Inside is usually a tongue or clapper that makes a ringing sound when it strikes the inside surface of the bell. Bells come in every size, from thimble sized to the biggest bell in the world, Russia's Tsar-Kolokol (which is broken, incidentally). Bells come in different shapes, too, from those with narrow and long shapes to bells with a rectangular opening, like a cow bell. Bell ringers are pressed into service by churches, schools and other bodies to ring one or more bells. Sets of church bells are often rung by several bell ringers.
Use of bells goes back almost as far as recorded history. They are described in the Old Testament as being attached to a high priest's ephod, which was a special garment worn by high priests and kings. The book of Zechariah describes bells attached to the bridles or belts on the necks of horses that were trained for war. The idea was to get the horses accustomed to noise. Large bells were used to call soldiers to battle and Christians to church, and is associated with Christian churches more than other ones. One bell was rung when a person in the parish died, followed by two pulls to indicate if the decased was a woman, or three pulls if it was a man. Bells in the Christian church have been used as part of the mass, and were used before clocks were common to let people know the time of day. Bell music was first attempted in medieval times with rows of small bells rung with hammers.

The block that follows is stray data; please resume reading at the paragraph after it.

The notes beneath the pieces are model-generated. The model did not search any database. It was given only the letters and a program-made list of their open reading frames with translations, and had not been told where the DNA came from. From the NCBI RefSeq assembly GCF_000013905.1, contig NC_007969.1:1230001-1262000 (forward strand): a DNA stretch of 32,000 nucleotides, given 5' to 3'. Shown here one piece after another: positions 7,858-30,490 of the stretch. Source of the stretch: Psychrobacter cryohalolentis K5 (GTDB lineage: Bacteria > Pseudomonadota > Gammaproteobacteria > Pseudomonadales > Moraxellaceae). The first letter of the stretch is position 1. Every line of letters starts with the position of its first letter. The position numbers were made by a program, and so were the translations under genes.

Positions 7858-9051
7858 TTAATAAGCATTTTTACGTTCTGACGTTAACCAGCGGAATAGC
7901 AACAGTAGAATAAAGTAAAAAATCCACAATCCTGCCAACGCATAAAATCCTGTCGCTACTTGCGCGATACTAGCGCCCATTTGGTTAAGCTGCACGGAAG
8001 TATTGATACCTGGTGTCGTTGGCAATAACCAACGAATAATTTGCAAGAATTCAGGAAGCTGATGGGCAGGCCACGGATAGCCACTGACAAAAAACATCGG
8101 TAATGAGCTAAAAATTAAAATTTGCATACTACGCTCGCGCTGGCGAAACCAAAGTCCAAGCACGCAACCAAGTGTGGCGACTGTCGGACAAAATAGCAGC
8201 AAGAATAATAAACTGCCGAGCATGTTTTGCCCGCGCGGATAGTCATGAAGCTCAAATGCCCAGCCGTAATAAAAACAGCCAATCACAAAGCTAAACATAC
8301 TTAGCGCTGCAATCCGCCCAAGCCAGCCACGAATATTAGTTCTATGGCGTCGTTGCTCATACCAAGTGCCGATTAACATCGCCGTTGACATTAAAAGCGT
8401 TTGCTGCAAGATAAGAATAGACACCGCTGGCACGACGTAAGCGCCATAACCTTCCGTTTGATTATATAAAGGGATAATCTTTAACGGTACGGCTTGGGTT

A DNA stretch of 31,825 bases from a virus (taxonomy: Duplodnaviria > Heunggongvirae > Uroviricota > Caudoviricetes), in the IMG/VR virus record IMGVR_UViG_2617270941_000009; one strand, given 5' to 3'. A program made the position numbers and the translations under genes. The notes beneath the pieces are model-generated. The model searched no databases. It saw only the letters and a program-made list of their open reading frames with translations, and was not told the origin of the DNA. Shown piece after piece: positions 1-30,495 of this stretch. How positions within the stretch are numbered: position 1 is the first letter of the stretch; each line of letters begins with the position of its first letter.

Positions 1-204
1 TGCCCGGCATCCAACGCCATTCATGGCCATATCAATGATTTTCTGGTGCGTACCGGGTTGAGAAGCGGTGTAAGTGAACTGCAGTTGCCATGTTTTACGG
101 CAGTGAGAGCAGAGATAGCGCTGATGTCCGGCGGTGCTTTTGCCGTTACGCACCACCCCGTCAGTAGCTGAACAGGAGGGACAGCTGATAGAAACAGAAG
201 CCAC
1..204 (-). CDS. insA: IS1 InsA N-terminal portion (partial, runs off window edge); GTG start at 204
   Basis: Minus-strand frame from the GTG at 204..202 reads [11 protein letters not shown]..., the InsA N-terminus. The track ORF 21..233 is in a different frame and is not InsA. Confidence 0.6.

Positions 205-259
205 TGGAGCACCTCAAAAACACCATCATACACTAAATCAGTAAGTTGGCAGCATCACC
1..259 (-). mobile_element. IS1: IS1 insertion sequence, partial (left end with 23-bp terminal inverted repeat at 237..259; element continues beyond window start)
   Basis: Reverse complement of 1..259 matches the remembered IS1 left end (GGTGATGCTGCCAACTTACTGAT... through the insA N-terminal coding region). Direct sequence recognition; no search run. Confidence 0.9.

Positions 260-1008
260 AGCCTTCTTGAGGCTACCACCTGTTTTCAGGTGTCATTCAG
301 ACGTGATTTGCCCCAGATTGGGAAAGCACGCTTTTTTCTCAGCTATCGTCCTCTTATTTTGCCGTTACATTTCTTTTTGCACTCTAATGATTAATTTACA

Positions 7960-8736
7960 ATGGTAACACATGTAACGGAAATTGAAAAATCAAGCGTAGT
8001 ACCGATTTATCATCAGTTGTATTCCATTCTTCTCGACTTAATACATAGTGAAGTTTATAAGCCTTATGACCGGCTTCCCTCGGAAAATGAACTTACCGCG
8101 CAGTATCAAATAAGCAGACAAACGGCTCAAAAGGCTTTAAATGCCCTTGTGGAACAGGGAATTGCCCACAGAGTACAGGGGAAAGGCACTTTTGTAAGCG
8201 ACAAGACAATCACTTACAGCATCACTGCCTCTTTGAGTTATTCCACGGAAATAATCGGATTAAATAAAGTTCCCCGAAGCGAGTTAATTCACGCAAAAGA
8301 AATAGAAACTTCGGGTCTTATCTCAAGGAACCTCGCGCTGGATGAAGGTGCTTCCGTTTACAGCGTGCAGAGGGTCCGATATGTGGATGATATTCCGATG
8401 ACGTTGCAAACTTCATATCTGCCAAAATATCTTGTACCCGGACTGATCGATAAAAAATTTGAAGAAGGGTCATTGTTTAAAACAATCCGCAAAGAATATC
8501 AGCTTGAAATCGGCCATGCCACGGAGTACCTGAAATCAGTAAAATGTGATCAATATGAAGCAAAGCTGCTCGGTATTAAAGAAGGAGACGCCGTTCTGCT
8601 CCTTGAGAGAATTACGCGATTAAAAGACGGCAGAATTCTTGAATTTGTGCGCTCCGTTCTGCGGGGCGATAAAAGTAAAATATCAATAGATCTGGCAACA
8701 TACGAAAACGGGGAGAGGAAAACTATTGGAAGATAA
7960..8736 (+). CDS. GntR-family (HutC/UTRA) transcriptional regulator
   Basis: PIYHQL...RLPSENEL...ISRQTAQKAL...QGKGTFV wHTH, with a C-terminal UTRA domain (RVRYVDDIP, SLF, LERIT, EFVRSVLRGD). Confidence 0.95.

Bells were one of the many types of musical instruments used during Medieval times. But they weren't just used for music; they had other practical applications, too. One use was by falconers, who attached small bells to their falcon's feet. That way the bird could be more easily located by its owner. Bells music were surrounded by superstition in medieval times and were actually baptized so that they could ward off evil spirits, particularly around doors where spirits were thought to be waiting for a chance to go inside. Drawings from the Middle Ages showed hand bells hanging from rods with instructions for the sung masses. Bells were often used to double upon the tenor line, which was the one that carried the melody. Later in the middle ages, the pipe organ gradually took over and strings, bells, harp, and wind instruments faded into the background, though tower bells continued to be rung and continue into modern times in some places.